• STEP #6: Repeat the process a few times. It may have more than one spine, however you are searching for the strongest or most pronounced spine.

  • STEP #7: When you find it, use a grease pen to mark the spine (outer part of the curve for casting rods) or to mark the opposite side (inner part for spinning rods). Make a line along the blank a few inches long.

  • STEP #8: And that's it! You have a baseline to add other parts. 

Finding Fishing Rod Spine - Bend

You can also use a spine finder which is a tool that resembles a rod holder. You insert the butt and apply pressure with your hands in the same way as described. Rod will turn itself into the natural position without you rolling it.

How do you Find the Spine of a Two (or More) Piece Rod?

When building two piece rod, you need to do the process described above in both sections.

Then connect them and repeat to see if the whole unit works. If you located the spine correctly on both sections, when connected and tested again, you will get the same result. If not, maybe one of the pieces has more than one spine and you need to test again.

Also, you need to carefully check that the spines are aligned (use the markings created by the grease pen) when connecting the pieces. 

The same goes for three or four pieces, however, the top two will be easy to test, but the lower ones will be much harder to flex. Sometimes, it will even be impossible. 

In such a case, just observe the bottom section of the rod blank, feel it, and look along it to visually choose the straightest axis. 

Does Finding Spine Really Matter in Rod Building?

There are divided opinions about this topic, but those who know me know that I like to check data and scientific research. So here is a short recap of the one I found in Rod Maker Magazine

Two groups of 50 blanks were tested under load. Half of them were loaded in line with the stiffest, and half with the softest axis. A bucket of water (20lbs) was the load and water was added gradually.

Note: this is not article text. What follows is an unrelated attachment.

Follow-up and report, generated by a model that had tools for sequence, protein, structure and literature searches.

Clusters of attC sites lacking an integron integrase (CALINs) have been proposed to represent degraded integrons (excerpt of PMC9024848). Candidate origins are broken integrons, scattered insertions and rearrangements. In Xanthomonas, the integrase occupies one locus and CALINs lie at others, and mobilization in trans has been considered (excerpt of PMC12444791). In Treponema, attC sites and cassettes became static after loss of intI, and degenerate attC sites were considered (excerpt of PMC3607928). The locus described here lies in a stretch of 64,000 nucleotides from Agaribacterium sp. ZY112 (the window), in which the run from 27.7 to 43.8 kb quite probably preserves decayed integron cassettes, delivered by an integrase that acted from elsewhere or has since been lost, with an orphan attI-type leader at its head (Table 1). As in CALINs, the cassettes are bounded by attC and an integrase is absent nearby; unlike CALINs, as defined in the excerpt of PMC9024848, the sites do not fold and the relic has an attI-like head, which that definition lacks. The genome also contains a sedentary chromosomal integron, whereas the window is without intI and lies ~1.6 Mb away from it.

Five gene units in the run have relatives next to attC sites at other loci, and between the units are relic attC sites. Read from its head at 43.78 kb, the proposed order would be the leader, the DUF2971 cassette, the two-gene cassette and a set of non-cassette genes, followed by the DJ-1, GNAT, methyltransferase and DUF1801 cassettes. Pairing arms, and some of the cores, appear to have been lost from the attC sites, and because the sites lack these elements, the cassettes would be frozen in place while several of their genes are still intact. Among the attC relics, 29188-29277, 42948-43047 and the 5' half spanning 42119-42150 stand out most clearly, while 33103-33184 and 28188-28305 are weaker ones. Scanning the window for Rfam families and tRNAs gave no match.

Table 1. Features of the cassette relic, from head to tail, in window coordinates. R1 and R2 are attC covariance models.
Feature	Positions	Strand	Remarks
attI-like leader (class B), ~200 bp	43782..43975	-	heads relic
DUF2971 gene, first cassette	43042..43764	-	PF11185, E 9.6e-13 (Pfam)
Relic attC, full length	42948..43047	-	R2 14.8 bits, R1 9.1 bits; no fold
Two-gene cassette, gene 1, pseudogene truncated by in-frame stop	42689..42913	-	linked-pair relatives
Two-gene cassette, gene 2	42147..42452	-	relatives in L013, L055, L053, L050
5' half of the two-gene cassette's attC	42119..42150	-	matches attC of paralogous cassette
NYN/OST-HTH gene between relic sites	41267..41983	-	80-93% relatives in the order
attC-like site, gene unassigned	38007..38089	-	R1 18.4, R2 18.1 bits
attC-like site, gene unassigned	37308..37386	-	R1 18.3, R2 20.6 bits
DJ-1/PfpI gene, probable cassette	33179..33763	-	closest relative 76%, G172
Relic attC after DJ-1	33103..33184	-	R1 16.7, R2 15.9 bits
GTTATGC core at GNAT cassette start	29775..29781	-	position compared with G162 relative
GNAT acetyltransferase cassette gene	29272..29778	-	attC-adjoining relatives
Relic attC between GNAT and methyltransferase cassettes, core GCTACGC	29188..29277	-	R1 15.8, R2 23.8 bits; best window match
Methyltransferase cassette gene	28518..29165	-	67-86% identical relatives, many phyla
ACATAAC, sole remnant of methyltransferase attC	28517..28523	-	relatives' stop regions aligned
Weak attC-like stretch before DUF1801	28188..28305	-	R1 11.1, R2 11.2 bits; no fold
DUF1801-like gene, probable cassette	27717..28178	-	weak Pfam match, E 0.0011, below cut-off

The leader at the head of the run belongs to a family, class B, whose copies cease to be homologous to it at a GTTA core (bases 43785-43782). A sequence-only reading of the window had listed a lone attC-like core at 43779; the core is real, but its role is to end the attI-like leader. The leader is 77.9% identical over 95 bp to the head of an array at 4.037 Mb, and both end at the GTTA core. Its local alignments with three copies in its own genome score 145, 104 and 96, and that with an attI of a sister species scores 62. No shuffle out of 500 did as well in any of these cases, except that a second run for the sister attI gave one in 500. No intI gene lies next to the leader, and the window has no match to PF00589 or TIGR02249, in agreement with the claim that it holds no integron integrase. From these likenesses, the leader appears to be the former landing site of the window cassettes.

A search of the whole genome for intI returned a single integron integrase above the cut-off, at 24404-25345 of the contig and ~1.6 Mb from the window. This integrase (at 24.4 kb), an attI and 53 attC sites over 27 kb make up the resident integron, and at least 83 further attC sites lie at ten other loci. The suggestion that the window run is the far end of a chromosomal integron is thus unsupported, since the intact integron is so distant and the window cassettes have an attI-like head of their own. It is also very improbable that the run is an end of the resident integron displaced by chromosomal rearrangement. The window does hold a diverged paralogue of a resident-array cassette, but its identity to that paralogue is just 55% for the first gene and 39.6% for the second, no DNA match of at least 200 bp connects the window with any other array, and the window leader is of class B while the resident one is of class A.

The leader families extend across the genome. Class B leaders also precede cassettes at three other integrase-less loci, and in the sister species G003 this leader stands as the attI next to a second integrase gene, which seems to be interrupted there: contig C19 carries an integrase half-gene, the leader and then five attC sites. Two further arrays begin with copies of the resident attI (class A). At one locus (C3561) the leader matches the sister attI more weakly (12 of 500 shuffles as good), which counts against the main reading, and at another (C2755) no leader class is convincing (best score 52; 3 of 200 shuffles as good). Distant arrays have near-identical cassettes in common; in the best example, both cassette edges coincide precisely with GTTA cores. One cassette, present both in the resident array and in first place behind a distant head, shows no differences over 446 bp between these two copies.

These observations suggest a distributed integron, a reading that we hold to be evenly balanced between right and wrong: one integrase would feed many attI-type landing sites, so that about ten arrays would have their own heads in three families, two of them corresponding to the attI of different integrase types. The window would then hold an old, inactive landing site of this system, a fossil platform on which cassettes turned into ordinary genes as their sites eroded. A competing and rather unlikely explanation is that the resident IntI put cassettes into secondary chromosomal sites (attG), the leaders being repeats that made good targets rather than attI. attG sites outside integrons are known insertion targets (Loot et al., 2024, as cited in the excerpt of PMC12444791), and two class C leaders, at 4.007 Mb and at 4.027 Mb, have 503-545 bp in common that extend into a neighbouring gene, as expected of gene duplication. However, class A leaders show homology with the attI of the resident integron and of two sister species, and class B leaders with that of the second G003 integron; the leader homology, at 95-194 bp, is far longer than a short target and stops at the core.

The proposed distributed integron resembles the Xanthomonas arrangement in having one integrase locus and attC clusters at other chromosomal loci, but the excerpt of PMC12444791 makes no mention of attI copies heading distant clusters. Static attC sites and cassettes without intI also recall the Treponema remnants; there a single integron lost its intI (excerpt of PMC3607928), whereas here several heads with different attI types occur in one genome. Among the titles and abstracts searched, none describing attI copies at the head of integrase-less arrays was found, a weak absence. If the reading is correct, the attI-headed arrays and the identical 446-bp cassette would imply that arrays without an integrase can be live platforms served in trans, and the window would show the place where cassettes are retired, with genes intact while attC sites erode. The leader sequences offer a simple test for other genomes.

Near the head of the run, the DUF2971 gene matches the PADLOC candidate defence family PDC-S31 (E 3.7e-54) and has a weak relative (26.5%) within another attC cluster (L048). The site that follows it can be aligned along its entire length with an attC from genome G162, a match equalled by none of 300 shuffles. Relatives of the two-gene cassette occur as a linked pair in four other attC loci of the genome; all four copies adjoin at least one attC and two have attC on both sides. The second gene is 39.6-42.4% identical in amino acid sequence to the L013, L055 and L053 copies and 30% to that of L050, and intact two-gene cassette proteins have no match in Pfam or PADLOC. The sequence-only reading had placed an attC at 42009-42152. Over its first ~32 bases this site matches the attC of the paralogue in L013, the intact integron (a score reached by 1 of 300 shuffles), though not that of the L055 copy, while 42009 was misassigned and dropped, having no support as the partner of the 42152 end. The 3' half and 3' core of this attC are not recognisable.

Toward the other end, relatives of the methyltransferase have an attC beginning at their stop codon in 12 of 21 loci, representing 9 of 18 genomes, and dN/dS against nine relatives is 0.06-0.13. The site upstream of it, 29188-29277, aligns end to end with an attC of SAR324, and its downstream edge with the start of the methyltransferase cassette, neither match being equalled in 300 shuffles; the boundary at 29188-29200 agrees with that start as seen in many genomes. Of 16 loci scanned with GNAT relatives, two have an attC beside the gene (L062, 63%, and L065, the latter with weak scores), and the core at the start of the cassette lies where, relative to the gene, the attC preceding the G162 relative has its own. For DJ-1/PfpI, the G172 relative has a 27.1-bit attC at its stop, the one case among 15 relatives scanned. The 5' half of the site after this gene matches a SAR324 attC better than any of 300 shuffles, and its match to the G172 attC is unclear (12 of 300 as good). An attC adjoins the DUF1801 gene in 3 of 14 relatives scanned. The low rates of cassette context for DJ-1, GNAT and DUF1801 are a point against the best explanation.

Keep in mind that those that failed under very high or low loads were not calculated here to exclude manufacturing deficiencies. One 10th of an ounce was added at times until the blank failed. Every number that the blank withstood was recorded. 

The final result showed that typical failure on the soft axis was 22.5 lbs and on the hard axis 23.7 lbs.

This is around 6% difference. Considering that you are casting and reeling in the fish under various directions (for example sideways) and flexing the rod in different ways, 6% is a minimal difference in real-life conditions. But think about getting a 6% raise in salary? Would you say "No thanks, it's not a lot."? It seems insignificant but those 6% can mean a lot in the right conditions. 

I think that building a rod but skipping this simple check is simply lazy. You have nothing to lose but a lot to possibly gain.

Experienced rod builders and their customers know the importance of the slightest details, including this one. All the details together have quite an impact on the final product.

Finding Spine on Fishing Rod - Research

Conclusion

As you can see, finding a spine is an important moment in your rod-building experience. It enhances performance and prolongs your rods life, especially if used under heavy load. 

The process takes only a couple of minutes, and even complete beginners can do it without any special tools or advanced knowledge. 

So, before you start mounting your fancy guides and reels, check for the backbone of your new rod!

About Me

Slo-fishing - About Us

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I am Siniša Pintar (friends call me Sina), the guy behind Slo-fishing.si and eBook writer. This site is base camp for fishing enthusiasts from all over the world. I love fishing and want to share all my stories, knowledge and my experience with any and all potential anglers. Read more ...